It's down to 'hundred thousand to one' now, because of that, which does mean that trawling DNA databases of every crook in the country for a potential match is pointless, and DNA should be treated as purely circumstantial evidence now.

      However, while the police are measured on rates of conviction, rather than amount of actual justice done, nothing will change.

      1. Anonymous Coward


        Remember that the police are NOT measured on rates of conviction, Teresa May, the Home Secretary, has abolished all those NuLabour targets. Except that ACPO Ltd carries on as though no one heard them. See Inspector Gadget's blog. []

        ACPO Ltd are just like a naughty child. They will keep on pushing the boundaries until someone gives them a good slapping down.

    2. EvilGav 1

      It's a high number . . .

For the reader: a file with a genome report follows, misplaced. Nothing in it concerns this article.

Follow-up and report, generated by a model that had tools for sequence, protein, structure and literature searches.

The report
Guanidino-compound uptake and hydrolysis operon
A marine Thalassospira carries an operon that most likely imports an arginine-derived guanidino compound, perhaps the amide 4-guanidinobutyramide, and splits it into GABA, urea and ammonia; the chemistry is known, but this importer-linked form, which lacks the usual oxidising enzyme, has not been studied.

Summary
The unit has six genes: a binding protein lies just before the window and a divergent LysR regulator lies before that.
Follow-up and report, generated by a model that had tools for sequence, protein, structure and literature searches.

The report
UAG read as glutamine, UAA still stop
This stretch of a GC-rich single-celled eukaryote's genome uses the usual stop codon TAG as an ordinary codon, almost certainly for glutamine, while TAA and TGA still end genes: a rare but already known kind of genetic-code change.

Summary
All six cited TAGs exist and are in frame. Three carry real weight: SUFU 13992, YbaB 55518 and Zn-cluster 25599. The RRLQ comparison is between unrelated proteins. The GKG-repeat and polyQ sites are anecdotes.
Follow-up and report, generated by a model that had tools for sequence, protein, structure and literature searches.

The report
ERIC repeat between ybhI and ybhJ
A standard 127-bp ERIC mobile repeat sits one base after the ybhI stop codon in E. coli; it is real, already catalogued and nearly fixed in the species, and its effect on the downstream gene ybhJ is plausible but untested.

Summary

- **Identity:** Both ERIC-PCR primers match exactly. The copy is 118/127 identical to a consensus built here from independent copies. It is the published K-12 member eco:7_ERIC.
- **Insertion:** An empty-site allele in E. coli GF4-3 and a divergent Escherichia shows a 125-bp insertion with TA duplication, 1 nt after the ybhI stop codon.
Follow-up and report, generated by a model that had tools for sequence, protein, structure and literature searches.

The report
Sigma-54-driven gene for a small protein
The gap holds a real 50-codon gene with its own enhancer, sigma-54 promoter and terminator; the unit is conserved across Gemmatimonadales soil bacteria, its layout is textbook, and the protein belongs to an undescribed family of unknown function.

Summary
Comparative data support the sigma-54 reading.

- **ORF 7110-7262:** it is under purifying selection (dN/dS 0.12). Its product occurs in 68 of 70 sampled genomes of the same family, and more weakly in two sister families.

. . . when you quote it in a certain way.

      It's roughly 1:250,000,000 DNA profiles* that are the same. Which sounds impressive.

      But that means it's a 1:20 chance that you have the right person in the dock.

      The water gets even muddier when you take into account that the most likely people with the same DNA profile* as you are also directly related to you, so therefore also highly likely to be in or around the same area as the crime commited!!

      A DNA profile* match should be used as an extra piece of convicting evidence, never, ever the sole piece of evidence (and in reality it rarely is, it's basically the icing on the cake of the prosecution case).

      The problem with having a database of DNA profiles* is that it becomes the easy place to look first, rather than being one of the last places you look and look merely for corobarating evidence.

      * Always remember that they are DNA profiles, not a DNA string. If they actually used the latter, then it would be a 1:1 match, but a DNA profile is created by using a chemical to break the DNA string when a certain combination occurs within the string and the resultant strand lengths are used to create the profile - the lovely barcode looking thing. The profile knows nothing of the actual chromosones in your DNA strand, just the lengths of strands when split by a chemical process, hence the lack of accuracy.

  21. Anonymous Coward
    Anonymous Coward